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Benefits and Potential Harms

For women of average risk research shows that the benefits of breast cancer screening with mammography outweigh the potential harms. BreastCheck recommends that most women age 50 – 74 have a screening mammogram every 2 years.

Benefits

Mammography screenResearch shows that regular screening mammograms reduce deaths from breast cancer in women 50 to 74 years of age by 20-30%.

This is due to early detection. Most breast cancers discovered through regular screening are found at an earlier stage when there may be more treatment options as well as more positive outcomes.

Potential Harms

Breast screening does not prevent breast cancer. A mammogram can only find breast cancer if it is already there. Some women may develop breast cancer before their first mammogram or between mammograms.

Mammograms do not find all breast cancers. 20 out of every 100 breast cancers cannot be seen on a mammogram, some cancers are very difficult to see on a mammogram, and/or the radiologist reading the mammogram may miss a cancer (this happens occasionally no matter how experienced the doctor is). It is important to know how your breasts normally look and feel. Contact your health care provider if you notice any changes in your breasts between screening appointments, even if you had a normal mammogram.

About 5 out of every 100 women screened at BreastCheck will be sent for further tests. Only 1 of these 5 women will be diagnosed with breast cancer. Although this is a normal part of the screening process, going for further tests may cause anxiety and worry.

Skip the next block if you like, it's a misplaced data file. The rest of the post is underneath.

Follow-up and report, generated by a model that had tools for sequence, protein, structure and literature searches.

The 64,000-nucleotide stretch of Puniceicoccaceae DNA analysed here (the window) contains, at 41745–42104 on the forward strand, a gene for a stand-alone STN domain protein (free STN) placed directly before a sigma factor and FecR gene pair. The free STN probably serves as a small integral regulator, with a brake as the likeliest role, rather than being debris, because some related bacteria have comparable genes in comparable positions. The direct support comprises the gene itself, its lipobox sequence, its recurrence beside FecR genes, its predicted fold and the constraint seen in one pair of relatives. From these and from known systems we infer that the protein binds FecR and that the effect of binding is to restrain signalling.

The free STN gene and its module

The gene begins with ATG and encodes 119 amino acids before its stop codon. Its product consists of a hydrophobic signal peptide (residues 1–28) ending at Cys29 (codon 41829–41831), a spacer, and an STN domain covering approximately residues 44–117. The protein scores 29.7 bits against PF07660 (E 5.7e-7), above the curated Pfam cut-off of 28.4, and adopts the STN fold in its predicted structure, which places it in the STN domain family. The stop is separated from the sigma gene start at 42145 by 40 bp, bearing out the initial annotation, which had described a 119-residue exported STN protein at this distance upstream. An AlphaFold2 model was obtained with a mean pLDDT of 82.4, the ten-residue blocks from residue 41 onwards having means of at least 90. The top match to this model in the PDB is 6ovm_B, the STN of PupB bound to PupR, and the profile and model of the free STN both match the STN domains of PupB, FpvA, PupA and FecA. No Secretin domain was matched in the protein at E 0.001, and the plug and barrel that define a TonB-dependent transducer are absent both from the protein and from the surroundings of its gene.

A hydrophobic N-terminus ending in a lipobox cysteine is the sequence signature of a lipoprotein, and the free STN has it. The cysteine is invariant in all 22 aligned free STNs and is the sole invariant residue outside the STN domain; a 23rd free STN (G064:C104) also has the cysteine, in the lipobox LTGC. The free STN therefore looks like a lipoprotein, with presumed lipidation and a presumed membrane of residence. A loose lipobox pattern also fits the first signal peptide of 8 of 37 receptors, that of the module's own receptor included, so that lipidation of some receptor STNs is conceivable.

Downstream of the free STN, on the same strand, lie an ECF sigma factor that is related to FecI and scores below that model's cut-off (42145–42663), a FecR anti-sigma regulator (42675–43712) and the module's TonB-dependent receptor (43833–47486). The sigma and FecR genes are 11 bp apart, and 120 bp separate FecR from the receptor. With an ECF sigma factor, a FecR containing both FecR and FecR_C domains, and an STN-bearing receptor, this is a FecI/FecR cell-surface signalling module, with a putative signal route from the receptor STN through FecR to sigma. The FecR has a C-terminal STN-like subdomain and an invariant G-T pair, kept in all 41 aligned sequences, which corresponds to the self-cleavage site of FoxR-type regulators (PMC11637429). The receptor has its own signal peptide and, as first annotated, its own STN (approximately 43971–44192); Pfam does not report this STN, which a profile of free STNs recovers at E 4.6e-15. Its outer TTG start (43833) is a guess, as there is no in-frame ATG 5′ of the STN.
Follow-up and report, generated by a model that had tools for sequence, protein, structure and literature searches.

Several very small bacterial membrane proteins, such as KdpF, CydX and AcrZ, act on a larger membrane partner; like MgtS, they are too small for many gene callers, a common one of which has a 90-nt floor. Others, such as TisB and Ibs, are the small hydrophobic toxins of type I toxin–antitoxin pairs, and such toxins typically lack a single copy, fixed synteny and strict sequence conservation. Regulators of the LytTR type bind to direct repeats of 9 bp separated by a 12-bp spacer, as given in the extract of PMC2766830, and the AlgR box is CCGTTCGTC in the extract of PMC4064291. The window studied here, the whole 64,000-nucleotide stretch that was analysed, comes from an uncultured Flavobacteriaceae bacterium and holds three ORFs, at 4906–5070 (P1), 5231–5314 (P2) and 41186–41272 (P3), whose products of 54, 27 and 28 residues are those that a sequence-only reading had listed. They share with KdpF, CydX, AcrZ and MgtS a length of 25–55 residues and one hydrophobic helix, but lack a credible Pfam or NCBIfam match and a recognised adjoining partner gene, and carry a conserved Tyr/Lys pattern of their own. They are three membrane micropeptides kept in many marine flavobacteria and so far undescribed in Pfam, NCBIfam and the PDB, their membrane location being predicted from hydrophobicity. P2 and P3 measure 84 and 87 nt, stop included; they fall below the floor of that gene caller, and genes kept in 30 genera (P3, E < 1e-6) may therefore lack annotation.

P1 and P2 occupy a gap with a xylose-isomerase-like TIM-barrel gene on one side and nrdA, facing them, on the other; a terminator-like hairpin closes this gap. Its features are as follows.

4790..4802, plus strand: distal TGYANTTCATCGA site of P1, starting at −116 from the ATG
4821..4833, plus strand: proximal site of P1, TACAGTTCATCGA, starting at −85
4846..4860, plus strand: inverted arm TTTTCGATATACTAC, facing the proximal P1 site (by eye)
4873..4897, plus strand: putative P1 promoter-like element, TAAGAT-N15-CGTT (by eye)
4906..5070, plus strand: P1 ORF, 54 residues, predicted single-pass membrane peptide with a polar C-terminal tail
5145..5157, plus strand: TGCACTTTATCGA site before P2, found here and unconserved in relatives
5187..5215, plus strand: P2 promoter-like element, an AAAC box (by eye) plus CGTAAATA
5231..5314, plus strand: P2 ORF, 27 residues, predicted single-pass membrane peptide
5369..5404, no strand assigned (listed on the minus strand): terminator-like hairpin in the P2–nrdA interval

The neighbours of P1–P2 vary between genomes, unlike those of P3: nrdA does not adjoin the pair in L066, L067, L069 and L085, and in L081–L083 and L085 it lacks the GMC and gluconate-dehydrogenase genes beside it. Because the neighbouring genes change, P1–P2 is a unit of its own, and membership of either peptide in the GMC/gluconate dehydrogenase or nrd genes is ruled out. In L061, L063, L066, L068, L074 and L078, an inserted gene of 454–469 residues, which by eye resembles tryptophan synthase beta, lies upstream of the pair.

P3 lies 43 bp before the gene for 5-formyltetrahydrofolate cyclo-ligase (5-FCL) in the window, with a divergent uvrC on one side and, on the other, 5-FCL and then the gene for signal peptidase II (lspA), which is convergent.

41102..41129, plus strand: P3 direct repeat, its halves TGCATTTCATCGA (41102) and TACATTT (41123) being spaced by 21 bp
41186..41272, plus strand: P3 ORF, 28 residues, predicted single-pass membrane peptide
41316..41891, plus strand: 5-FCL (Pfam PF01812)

Mammograms are not guaranteed to save your life. Not all breast cancers found at screening can be cured. Some women will die of breast cancer even though it was found by a screening mammogram; some will die of something else before they would die of breast cancer. For these women, their quality and length of life may not be increased by finding the breast cancer. There is no way to know which women will fall into these groups and which women will be truly helped by screening.

The Public Health Agency of Canada has a Decision Aid (pdf) for women ages 40 and older that further explains the benefits and possible harms of breast cancer screening.

 

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